“He Dreamed Bigger Dreams For Us Than We Dreamed For Ourselves”
I was asked to write about my favorite teacher at Douglass and how thatteacher impacted my life. I have labored with this task for several daysnow. As I jogged my memory and reflected on times past, I came up with adifferent “favorite teacher” everyday. If you attended Douglass for anytime at all, you’ll understand that. All of our teachers were specialpeople. They paddled our butts if they had too, and they taught us newskills and an appreciation for knowledge and learning. More than that,they taught lessons about life itself.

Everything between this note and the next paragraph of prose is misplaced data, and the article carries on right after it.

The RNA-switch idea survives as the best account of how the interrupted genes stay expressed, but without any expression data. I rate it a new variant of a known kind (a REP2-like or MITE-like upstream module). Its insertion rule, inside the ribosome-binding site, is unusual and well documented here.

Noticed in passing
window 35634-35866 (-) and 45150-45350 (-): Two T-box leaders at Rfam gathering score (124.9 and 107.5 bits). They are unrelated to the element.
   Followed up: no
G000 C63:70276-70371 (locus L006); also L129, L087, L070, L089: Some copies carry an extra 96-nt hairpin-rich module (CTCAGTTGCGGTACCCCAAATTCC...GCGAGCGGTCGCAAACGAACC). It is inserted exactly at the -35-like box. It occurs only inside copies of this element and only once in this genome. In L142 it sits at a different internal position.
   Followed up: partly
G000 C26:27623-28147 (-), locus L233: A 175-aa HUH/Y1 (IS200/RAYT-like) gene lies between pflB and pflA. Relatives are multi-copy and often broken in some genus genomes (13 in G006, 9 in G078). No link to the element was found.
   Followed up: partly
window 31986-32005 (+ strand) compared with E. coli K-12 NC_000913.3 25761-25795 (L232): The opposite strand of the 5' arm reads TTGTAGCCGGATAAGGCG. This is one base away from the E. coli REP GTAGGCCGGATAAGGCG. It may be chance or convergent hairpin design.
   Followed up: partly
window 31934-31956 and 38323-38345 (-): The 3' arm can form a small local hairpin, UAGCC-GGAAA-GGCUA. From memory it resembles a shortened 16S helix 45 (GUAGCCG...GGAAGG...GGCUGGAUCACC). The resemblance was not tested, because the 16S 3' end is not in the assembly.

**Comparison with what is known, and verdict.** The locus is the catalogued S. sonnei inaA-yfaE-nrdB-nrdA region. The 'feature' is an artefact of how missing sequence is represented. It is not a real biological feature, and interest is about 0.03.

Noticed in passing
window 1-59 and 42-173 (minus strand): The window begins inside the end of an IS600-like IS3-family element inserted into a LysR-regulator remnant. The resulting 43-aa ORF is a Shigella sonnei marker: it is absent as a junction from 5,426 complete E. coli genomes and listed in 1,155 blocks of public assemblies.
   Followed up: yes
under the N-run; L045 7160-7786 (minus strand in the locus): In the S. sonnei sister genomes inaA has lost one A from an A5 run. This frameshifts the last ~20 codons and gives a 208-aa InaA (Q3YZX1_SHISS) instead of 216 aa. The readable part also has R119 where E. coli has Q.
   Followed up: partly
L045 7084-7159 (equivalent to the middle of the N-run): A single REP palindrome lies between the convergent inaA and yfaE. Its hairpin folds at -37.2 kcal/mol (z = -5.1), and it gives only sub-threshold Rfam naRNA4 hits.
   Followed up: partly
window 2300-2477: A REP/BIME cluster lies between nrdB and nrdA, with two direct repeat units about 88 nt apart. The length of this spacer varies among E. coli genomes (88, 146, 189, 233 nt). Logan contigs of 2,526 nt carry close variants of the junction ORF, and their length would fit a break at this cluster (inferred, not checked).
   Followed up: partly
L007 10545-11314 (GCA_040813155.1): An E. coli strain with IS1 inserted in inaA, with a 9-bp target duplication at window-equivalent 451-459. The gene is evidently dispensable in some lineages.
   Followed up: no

I can’t overlook the things I learned in first and third grade from Mrs.Dobbins and from Mrs. Cora Cox. These were simple lessons like—learn toshare things; play fair; don’t hit people; put things back where you foundthem; clean up your mess; don’t take things that aren’t yours; say you’resorry when you hurt somebody; wash your hands before your eat; and lookboth ways before your cross the street. I still remember Mrs. Cox’sadmonishment—“don’t count your chickens before they’ve hatched.” Withwisdom like that, it’s no wonder she became a Tennessee teacher of the year.